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  • Adult Neural Stem Cells Are Irreplaceable After Quiescent Stem Cell Targeted Therapy

    Final Number:
    832

    Authors:
    Terry C Burns MD PhD; Dominic Rodriguez; Sunny Kumar; Kambiz Ansari; Theo D. Palmer

    Study Design:
    Laboratory Investigation

    Subject Category:

    Meeting: Congress of Neurological Surgeons 2015 Annual Meeting

    Introduction: Quiescent tumor-initiating with neural stem cell-like properties are resistant to therapy and enable tumor recurrence. As such, quiescent tumor stem cells are increasingly targeted by novel anti-tumor therapies. Quiescent neural stem cells (NSCs) are extremely similar to tumor stem cells and may be targeted by these therapies. The capacity of the quiescent NSC niche to recover following ablation remains unknown.

    Methods: Nestin-creERT2::diphtheria toxin reporter (DTR) mice were induced to express DTR on NSCs with 3 days 150mg/kg i.p. tamoxifen. Ablation and control mice were treated with 100ug/kg diphtheria toxin DT or vehicle, respectively. Proliferative cells were labeled with BrdU prior to sacrifice. For cell replacement experiments, embryonic stem cell (ESC)-derived NSCs were stereotactically implanted into the dentate gyrus and lateral ventricle.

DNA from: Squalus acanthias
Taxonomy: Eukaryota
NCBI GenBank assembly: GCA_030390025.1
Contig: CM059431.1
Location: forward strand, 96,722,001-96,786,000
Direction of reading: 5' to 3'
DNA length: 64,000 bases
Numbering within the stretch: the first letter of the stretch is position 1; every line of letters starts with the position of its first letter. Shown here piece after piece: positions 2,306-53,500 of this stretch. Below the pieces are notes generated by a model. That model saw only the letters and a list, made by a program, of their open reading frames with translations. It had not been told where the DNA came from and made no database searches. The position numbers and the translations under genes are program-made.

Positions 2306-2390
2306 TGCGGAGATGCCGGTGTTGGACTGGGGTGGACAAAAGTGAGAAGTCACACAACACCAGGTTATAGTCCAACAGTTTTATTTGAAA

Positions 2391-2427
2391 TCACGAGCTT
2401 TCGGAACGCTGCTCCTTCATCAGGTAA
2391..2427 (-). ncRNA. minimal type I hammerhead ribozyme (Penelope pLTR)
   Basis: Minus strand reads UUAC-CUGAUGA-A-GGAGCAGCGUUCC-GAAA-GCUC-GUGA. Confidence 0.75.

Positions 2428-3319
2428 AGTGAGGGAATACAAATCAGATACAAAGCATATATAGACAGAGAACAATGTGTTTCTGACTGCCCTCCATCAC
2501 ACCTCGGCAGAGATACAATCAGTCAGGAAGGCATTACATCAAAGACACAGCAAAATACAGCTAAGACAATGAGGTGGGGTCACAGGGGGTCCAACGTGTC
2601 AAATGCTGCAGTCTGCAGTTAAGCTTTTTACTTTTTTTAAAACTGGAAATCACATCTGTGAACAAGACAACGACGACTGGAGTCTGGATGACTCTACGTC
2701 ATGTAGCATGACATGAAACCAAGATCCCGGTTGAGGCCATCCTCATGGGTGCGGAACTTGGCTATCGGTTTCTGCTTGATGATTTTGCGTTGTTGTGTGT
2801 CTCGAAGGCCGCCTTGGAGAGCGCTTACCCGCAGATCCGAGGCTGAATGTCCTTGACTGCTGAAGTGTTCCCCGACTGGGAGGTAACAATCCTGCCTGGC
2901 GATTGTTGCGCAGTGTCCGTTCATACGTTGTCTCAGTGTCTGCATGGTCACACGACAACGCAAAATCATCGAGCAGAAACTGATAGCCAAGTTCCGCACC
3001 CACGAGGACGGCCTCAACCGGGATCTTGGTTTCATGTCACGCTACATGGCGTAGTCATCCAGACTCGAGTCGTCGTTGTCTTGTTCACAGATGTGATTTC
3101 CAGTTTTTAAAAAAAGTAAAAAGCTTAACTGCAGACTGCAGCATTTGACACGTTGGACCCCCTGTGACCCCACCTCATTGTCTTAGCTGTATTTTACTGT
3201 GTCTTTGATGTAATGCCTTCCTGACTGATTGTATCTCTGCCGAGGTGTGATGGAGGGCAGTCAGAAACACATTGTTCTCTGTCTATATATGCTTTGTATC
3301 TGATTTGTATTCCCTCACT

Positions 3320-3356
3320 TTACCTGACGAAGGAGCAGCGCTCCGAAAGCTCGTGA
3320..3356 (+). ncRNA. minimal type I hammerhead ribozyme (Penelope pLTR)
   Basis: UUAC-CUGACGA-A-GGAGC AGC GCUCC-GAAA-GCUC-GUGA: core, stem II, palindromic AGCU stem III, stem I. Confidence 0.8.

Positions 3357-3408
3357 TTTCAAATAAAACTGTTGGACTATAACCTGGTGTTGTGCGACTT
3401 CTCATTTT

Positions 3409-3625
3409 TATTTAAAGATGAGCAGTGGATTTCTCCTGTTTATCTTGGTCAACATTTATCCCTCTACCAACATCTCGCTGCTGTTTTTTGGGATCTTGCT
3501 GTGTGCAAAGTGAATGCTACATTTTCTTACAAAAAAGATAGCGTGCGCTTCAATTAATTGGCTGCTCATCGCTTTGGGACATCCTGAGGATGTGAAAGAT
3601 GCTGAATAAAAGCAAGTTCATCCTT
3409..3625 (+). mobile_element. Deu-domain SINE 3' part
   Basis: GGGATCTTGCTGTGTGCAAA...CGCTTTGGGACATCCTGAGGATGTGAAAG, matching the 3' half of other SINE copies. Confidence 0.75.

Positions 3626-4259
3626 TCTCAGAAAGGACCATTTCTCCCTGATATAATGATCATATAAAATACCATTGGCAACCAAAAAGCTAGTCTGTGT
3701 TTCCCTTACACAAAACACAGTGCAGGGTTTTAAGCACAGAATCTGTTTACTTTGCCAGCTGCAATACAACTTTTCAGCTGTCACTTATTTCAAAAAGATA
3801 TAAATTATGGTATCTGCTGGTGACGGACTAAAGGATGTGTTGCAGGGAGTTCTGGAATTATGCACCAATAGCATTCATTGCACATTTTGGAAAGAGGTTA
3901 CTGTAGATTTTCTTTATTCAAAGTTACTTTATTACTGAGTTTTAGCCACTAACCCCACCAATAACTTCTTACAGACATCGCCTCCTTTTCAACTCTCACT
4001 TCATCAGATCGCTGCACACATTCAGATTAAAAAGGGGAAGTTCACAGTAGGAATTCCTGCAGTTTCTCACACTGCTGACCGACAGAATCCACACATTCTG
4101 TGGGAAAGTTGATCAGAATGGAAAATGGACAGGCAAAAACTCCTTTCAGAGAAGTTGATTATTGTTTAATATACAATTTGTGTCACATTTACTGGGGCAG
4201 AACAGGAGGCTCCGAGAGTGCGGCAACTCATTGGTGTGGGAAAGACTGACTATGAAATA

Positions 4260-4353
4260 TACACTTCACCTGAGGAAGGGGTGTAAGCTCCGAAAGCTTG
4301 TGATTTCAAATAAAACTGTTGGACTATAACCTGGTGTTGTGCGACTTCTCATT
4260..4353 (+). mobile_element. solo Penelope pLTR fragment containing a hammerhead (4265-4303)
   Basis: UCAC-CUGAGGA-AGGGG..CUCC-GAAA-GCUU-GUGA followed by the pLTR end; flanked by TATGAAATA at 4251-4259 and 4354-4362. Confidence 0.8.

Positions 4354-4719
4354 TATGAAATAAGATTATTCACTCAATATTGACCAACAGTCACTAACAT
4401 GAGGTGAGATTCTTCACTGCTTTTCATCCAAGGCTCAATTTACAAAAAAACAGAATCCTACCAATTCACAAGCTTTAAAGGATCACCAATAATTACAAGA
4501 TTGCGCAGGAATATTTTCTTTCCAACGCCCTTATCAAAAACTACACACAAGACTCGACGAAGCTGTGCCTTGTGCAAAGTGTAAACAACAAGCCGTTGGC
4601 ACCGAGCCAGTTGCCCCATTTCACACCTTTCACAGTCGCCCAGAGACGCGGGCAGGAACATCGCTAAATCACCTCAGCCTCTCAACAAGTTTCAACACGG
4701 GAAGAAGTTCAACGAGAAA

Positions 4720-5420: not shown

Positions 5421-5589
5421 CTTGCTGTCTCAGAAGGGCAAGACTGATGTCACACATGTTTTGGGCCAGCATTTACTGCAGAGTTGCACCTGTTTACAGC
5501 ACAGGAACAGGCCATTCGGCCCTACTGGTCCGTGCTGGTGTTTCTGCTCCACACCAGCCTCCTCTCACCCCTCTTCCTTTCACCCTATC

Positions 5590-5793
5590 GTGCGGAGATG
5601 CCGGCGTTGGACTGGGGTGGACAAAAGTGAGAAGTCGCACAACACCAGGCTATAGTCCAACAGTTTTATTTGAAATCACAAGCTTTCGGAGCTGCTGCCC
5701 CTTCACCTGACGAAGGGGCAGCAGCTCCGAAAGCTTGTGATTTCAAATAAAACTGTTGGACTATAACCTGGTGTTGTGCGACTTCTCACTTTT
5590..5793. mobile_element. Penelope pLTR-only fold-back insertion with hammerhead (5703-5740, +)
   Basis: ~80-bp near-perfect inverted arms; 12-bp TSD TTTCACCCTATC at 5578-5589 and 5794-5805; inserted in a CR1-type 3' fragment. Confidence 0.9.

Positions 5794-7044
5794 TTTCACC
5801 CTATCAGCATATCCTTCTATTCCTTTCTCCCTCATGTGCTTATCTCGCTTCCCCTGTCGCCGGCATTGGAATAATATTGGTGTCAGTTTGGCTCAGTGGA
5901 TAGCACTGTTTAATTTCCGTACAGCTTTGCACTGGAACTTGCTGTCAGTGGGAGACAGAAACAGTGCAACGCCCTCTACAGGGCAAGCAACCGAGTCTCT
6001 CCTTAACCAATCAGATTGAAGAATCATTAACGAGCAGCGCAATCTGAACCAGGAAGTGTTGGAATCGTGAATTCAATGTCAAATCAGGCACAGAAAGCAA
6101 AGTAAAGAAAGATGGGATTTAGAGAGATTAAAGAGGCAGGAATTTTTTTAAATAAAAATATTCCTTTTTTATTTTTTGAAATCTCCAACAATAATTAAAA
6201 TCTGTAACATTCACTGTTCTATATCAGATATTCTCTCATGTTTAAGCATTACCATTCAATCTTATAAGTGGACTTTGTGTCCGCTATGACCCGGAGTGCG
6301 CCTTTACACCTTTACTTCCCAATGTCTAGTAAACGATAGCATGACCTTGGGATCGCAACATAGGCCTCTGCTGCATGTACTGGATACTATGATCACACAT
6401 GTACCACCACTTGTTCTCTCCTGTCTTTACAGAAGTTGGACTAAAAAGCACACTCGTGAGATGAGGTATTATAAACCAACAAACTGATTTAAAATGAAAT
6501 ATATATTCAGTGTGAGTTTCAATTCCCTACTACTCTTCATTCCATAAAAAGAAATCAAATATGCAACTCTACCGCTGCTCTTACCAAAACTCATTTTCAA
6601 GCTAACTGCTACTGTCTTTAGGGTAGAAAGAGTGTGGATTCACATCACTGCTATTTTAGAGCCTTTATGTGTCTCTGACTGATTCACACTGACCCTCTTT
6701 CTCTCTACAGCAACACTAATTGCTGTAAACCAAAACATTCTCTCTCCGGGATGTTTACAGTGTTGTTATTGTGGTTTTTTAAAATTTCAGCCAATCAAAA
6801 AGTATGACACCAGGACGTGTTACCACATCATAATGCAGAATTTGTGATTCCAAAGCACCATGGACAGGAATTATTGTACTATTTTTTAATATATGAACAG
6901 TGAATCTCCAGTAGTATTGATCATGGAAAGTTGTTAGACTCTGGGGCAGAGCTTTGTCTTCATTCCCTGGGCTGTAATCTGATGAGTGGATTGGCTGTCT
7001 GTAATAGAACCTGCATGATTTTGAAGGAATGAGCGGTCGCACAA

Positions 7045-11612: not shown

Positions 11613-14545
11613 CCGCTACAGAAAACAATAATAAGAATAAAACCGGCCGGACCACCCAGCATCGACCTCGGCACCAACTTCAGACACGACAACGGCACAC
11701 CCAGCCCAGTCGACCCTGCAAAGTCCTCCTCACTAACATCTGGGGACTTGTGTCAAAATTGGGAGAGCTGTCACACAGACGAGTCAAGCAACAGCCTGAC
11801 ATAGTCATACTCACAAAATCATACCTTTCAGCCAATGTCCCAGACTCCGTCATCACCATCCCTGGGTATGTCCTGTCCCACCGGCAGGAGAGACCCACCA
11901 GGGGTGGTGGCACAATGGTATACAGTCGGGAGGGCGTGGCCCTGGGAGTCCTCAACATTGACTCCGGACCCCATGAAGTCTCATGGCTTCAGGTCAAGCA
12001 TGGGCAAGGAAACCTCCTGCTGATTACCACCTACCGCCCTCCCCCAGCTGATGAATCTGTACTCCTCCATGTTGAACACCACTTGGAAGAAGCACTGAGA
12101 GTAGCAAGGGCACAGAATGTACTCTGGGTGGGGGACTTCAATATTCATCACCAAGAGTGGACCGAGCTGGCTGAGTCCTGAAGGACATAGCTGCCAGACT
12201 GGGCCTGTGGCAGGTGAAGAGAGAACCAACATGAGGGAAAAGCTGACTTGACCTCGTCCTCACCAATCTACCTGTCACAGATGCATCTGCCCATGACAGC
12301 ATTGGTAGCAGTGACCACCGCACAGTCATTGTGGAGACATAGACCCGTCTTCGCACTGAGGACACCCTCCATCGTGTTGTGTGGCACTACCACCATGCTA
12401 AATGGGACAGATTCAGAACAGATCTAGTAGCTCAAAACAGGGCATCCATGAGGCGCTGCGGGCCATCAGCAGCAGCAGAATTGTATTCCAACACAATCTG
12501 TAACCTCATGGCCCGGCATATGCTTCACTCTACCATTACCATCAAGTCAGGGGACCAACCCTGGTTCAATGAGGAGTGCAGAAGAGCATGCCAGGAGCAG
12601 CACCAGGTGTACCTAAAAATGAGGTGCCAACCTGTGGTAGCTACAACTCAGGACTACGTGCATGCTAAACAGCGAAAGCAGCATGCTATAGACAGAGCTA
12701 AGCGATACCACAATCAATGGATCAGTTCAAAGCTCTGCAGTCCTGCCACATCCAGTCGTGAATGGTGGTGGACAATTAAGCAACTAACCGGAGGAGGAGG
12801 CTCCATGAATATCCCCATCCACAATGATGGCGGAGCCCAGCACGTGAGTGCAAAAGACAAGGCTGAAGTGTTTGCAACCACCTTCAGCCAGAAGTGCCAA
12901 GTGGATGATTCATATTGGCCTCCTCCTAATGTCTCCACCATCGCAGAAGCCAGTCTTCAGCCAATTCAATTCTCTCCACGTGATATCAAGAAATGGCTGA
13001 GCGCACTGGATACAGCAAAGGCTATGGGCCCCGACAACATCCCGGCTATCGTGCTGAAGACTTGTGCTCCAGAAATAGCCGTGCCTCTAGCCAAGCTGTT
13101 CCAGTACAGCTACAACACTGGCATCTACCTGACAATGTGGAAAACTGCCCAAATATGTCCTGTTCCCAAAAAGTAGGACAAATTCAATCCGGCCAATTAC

Results: Ablation caused 50-80% reduction of quiescent NSCs and BrdU+ within 10 days. NSC loss persisted for at least 2 months, and was accompanied by 48% loss of neurogenesis at 2 months (p<0.01), suggesting inability of the partially vacated neurogenic niche to be repopulated over time by surviving NSCs. ESC-derived NSCs increased proliferation of endogenous NSCs without increasing the quiescent NSC pool size. Implanted NSCs also differentiated into neurons with appropriate morphology and projections but failed to engraft long term into the quiescent NSC niche.

    Conclusions: We demonstrate for the first time that adult NSCs are unable to repopulate the quiescent NSC niche after partial ablation of quiescent NSCs, although surviving NSCs remain functional and responsive to proliferative stimuli. Primitive ESC-derived NSC also cannot engraft into the vacated niche. These findings suggest that loss of quiescent NSCs irreversibly decreases niche size. Given the importance of neurogenesis for cognition and memory, the potentially irreversible impacts of novel stem cell-targeted antitumor therapies on quiescent NSC pool size should be carefully evaluated.

    Patient Care: Awareness of the fragile nature of the adult neurogenic niche can facilitate efforts to better define differences between quiescent neural stem cells and quiescent tumor stem cells. Selective therapies that spare adult neurogenesis may enhance long-term cognitive outcomes following novel anti-tumor therapies.

    Learning Objectives: Adult quiescent neural stem cells are important for cognition but are a non-renewable resource. Loss of quiescent neural stem cells following novel stem-cell targeted anti-tumor therapies will likely be permanent raising the potential for permanent cognitive sequelae.

    References:

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